Re: [Lse-tech] Re: RFC: patch to allow lock-free traversal of lists with insertion

From: Paul Mackerras (
Date: Fri Oct 12 2001 - 20:07:53 EST

Linus Torvalds writes:

> So how about just going all the way and calling it what it is:
> "data_dependent_read_barrier()", with a notice in the PPC docs about how
> the PPC cannot speculate reads anyway, so it's a no-op.

To set the record straight, the PPC architecture spec says that
implementations *can* speculate reads, but they have to make it look
as if dependent loads have a read barrier between them.

And it isn't speculated reads that are the problem in the alpha case,
it's the fact that the cache can reorder invalidations that are
received from the bus. That's why you can read the new value of p but
the old value of *p on one processor after another processor has just
done something like a = 1; wmb(); p = &a.

My impression from what Paul McKenney was saying was that on most
modern architectures other than alpha, dependent loads act as if they
have a read barrier between them. What we need to know is which
architectures specify that behaviour in their architecture spec, as
against those which do that today but which might not do it tomorrow.

I just looked at the SPARC V9 specification; it has a formal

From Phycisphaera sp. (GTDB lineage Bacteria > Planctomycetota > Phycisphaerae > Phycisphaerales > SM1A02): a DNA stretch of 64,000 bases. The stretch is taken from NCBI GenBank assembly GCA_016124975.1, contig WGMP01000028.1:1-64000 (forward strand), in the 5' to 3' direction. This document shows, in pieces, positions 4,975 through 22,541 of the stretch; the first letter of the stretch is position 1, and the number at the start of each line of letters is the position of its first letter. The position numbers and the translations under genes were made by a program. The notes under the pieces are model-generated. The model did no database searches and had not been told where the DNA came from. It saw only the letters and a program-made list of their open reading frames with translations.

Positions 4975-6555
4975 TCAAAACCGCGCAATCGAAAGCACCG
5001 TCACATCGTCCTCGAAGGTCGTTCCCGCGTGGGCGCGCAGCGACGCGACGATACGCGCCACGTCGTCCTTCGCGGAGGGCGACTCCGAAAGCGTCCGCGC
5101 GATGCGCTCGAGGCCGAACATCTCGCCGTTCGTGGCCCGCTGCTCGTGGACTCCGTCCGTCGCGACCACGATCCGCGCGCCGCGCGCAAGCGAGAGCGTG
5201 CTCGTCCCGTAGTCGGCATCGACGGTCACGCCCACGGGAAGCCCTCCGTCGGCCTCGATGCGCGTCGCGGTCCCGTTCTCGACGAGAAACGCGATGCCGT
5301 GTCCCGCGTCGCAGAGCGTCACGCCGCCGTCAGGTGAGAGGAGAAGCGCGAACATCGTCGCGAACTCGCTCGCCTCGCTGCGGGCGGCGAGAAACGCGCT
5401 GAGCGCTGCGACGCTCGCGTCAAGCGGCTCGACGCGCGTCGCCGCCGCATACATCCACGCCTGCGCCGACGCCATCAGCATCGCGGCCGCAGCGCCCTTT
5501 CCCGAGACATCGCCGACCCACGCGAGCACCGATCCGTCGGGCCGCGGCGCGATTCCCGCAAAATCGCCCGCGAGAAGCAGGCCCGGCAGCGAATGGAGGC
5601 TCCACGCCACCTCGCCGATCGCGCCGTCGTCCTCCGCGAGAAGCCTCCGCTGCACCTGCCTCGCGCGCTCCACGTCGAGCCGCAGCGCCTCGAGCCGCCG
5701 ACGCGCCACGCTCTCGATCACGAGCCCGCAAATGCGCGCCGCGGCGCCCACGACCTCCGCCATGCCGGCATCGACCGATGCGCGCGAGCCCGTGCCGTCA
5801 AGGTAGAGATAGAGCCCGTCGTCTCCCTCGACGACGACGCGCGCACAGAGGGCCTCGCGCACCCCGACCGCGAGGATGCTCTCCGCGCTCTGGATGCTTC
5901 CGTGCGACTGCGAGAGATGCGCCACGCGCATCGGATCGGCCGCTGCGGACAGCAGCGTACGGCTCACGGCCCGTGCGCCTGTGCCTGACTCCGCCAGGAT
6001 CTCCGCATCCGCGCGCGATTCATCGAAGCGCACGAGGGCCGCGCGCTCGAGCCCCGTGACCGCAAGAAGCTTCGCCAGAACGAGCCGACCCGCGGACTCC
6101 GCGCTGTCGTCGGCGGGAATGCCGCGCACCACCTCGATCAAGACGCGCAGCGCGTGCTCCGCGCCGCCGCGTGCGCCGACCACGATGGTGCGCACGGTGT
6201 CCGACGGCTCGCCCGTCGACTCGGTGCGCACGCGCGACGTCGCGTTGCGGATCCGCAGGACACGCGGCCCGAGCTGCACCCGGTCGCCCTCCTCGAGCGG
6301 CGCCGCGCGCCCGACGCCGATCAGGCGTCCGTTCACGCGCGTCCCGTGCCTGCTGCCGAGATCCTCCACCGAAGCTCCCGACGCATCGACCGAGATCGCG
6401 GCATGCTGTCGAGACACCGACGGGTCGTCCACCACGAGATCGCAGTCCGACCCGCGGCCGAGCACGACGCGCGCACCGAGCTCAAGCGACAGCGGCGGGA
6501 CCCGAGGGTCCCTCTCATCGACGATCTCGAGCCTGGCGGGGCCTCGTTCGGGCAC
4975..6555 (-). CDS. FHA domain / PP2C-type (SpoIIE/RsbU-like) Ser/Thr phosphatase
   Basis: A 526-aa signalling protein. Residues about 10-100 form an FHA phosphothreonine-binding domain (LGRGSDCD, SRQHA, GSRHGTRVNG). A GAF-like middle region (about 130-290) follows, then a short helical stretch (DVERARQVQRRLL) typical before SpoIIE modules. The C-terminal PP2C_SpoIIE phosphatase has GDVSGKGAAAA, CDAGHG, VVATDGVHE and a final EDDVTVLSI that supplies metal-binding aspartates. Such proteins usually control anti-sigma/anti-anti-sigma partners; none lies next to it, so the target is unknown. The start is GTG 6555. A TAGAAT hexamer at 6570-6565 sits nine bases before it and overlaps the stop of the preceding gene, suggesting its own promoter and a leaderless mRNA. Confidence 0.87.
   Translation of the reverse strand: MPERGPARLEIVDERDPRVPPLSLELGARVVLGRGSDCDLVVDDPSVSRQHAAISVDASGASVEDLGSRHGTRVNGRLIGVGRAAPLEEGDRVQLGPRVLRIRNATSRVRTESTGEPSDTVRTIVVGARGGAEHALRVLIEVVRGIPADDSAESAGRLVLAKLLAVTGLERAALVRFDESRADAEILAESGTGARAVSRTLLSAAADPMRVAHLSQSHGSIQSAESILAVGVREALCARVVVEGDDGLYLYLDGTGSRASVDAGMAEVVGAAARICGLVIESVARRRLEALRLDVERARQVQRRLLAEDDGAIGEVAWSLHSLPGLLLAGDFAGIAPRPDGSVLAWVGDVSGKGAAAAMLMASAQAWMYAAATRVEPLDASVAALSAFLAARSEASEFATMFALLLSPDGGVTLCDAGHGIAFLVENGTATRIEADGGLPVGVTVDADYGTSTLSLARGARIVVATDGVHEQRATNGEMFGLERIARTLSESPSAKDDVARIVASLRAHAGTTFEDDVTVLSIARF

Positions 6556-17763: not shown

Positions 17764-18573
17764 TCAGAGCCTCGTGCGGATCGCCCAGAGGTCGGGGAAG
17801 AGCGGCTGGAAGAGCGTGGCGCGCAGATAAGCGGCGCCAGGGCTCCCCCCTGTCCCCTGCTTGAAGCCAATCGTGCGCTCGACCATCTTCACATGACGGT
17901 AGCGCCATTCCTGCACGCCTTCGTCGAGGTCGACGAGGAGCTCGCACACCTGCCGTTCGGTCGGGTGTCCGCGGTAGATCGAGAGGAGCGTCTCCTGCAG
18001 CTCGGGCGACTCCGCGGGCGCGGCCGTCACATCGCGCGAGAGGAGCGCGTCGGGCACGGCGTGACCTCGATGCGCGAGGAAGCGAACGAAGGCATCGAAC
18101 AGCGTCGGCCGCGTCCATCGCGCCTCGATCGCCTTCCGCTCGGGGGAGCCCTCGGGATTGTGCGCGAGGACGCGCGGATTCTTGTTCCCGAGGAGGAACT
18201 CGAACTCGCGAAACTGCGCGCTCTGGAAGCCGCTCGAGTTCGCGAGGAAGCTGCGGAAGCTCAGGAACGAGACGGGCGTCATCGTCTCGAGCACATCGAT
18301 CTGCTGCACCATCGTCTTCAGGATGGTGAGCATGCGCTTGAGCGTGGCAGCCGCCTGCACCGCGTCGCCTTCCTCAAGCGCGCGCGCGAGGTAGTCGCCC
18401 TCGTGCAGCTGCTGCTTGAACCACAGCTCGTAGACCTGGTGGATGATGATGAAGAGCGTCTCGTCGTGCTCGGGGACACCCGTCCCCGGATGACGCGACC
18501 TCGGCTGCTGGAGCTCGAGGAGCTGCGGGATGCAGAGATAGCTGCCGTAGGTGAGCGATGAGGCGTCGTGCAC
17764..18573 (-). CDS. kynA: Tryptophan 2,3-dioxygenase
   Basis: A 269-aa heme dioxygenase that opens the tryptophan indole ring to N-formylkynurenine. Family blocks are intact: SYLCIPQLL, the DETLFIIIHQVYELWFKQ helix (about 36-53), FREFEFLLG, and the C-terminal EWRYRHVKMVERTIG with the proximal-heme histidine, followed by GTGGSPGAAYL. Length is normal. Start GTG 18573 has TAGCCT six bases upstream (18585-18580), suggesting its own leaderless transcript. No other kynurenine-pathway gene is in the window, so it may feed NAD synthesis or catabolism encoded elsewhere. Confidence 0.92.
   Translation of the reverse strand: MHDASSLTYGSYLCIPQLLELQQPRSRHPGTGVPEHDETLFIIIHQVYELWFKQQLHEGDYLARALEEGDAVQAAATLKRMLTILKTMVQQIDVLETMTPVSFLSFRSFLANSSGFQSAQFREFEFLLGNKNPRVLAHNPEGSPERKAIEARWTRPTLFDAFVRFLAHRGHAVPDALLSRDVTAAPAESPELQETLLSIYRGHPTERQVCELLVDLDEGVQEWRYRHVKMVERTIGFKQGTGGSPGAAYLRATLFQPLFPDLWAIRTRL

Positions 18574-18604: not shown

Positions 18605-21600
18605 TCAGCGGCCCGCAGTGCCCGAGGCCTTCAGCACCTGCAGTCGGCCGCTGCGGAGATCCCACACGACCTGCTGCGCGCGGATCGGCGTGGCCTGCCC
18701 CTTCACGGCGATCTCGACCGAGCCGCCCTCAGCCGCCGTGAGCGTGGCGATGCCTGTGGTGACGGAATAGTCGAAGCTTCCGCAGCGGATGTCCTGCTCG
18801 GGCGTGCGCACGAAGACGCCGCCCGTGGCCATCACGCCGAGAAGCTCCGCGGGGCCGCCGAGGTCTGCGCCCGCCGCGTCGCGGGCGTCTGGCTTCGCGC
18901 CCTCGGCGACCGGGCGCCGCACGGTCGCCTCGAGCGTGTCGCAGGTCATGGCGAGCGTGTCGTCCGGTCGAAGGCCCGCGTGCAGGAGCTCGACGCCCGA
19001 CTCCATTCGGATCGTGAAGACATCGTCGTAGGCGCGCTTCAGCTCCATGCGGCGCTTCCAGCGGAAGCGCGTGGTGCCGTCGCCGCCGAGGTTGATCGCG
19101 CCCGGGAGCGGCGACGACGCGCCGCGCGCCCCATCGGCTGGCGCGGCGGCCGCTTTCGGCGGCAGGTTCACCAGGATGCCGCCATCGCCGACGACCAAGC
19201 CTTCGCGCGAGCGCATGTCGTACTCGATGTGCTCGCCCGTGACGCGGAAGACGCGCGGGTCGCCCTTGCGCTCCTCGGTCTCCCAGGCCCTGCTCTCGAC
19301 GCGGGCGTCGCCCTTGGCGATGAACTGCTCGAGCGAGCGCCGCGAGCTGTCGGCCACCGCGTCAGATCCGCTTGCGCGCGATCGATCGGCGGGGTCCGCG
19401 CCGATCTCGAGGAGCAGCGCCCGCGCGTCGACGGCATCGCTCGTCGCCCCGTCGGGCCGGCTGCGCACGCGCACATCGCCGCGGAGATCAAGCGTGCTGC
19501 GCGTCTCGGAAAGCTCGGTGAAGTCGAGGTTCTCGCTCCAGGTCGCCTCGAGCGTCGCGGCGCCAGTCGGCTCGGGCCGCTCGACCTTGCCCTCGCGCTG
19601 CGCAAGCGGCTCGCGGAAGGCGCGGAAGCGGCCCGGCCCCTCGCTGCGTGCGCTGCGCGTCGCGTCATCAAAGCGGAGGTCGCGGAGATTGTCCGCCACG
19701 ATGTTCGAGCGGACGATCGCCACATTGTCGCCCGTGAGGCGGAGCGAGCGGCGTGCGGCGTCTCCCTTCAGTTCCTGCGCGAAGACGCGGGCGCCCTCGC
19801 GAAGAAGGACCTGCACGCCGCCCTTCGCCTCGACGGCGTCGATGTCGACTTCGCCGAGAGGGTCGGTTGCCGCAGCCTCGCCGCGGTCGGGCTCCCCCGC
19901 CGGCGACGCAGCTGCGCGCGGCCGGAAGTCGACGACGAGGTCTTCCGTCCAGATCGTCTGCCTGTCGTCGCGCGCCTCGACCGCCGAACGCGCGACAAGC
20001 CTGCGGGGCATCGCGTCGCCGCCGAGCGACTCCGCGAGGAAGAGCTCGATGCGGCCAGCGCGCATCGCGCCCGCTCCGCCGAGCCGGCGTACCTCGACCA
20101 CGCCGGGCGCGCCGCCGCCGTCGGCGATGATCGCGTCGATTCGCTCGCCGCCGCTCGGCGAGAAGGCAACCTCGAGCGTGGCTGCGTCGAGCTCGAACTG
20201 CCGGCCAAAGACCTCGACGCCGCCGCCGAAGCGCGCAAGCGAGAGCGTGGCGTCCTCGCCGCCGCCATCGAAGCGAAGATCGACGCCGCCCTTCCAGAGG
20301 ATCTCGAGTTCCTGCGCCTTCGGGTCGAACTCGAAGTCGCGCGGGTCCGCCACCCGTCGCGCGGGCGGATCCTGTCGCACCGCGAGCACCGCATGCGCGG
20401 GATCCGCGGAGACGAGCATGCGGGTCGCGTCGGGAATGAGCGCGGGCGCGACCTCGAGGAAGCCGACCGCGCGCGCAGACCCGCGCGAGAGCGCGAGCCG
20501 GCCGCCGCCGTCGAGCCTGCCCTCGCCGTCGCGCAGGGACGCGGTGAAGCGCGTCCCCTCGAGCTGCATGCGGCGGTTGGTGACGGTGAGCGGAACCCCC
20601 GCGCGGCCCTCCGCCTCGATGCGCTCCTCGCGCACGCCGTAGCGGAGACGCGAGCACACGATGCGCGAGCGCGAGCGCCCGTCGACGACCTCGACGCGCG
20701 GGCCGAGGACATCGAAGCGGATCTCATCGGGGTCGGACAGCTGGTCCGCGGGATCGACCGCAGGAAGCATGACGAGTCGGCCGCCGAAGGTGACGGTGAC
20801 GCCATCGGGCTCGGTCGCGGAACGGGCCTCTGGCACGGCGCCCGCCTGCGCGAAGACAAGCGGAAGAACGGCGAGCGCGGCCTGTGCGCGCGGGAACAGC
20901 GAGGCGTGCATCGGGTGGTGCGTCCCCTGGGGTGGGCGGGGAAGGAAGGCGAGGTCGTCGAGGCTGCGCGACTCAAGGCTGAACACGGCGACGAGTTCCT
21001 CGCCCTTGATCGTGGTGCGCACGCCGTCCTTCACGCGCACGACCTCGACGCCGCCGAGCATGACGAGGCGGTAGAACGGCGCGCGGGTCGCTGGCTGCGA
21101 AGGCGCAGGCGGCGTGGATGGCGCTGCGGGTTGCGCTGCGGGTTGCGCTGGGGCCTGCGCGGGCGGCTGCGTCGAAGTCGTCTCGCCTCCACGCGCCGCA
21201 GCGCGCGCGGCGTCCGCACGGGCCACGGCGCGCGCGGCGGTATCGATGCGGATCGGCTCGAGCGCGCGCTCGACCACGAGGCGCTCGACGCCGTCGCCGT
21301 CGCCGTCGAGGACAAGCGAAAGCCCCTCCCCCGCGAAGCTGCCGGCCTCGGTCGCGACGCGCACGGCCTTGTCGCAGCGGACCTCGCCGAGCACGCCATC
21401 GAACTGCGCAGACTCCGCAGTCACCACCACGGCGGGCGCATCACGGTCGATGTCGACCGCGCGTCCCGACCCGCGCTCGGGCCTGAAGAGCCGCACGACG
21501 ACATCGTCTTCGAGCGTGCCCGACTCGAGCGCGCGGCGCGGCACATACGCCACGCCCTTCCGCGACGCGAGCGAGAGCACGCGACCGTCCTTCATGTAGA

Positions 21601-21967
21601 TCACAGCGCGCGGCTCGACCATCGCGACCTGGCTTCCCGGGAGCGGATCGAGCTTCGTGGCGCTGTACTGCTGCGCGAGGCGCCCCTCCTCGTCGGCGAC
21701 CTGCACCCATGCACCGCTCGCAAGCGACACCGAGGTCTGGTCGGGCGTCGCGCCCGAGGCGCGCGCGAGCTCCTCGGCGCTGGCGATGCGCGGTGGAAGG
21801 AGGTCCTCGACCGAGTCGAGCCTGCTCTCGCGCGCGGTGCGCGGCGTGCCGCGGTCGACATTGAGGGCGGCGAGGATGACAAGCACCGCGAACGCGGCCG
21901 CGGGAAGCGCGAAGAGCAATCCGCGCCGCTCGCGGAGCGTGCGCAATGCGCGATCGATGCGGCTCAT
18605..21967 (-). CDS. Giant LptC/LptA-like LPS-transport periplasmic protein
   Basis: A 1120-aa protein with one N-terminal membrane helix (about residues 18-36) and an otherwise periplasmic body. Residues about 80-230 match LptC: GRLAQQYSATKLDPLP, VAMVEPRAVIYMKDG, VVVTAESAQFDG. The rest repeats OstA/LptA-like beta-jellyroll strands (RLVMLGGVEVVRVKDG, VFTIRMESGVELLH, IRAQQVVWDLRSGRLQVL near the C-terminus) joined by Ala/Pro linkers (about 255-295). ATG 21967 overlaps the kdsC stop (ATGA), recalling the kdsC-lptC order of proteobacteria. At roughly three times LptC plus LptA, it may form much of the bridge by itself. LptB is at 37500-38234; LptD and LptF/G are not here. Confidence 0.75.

definition of the memory model which precludes reordering dependent
loads (once again this is an "as if" rule). So on ppc and sparc64 we
have an assurance that we won't need an rmb() between dependent loads
in the future.

As for intel x86, is there a architecture spec that talks about things
like memory ordering? My impression is that the x86 architecture is
pretty much defined by its implementations but I could well be wrong.

> too. It's not as if we should ever have that many of them, and when we
> _do_ have them, they might as well stand out to make it clear that we're
> doing subtle things.. Although that "data-dependent read barrier" is a lot
> more subtle than most.

Indeed... getting the new p but the old *p is quite
counter-intuitive IMHO.

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This archive was generated by hypermail 2b29 : Mon Oct 15 2001 - 21:00:47 EST